The constituency which I represent is the Cathcart Division of Glasgow. Glasgow, as hon. Members know, has 15 constituencies, and Cathcart is one of the only two which have returned a Unionist Member. It is a matter for the individual judgment of hon. Members as to whether this situation reflects the general wisdom of the people of Glasgow or the particular political sense of the electors of Cathcart and Hillhead.
Apart from politics, Cathcart is rather a unique constituency. It contains some of Glasgow’s most beautiful public parks—Linn, Queen’s Park and Cathkin Braes—the finest football stadium in the country, Hampden Park, perhaps the biggest municipal housing scheme in Western Europe, Castlemilk, and one of the world’s outstanding engineering works, that of Messrs. G. and J. Weir. It is a historic place, because in the heart of the constituency lies the site of the battle of Langside, which decided the fate of Mary Queen of Scots.
Cathcart, although merged with Glasgow geographically and socially, retained its municipal independence until early in the century when it was “taken in” by the City of Glasgow, in perhaps more ways than one. I know that the electors of Cathcart and of Glasgow are vitally interested in the contents of the Gracious Speech and I would like to comment briefly on the section which states that the Government intend to promote reforms in taxation and, in particular, to bring about better arrangements for the modernisation of local government finance.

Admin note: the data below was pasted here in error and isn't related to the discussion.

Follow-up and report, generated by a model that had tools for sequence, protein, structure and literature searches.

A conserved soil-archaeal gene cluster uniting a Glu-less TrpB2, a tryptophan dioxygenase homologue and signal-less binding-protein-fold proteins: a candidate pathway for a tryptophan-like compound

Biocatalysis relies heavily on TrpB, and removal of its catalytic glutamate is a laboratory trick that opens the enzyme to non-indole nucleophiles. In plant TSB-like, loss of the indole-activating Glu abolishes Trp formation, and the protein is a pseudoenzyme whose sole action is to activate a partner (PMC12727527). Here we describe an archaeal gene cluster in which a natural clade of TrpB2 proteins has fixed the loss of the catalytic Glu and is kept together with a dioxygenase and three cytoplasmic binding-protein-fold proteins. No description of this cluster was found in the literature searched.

I think that most hon. Members would agree that the rating system is, in principle and in practice, unsatisfactory in many respects. And the dissatisfaction of the system has been aggravated by the ever-increasing burden of local rates. For example, in Glasgow the average man, woman and child has to pay well over £25 per head a year in local rates, and this means an annual burden for the average family of £100 which must be paid directly or indirectly.
The principal objection to the rating system is that it is not levied either according to ability to pay or to the use which people make of local government services. There appears to be no justification for a system which imposes the same burden on a widow living on a small fixed income as on a neighbouring family which may have three or four wage earners.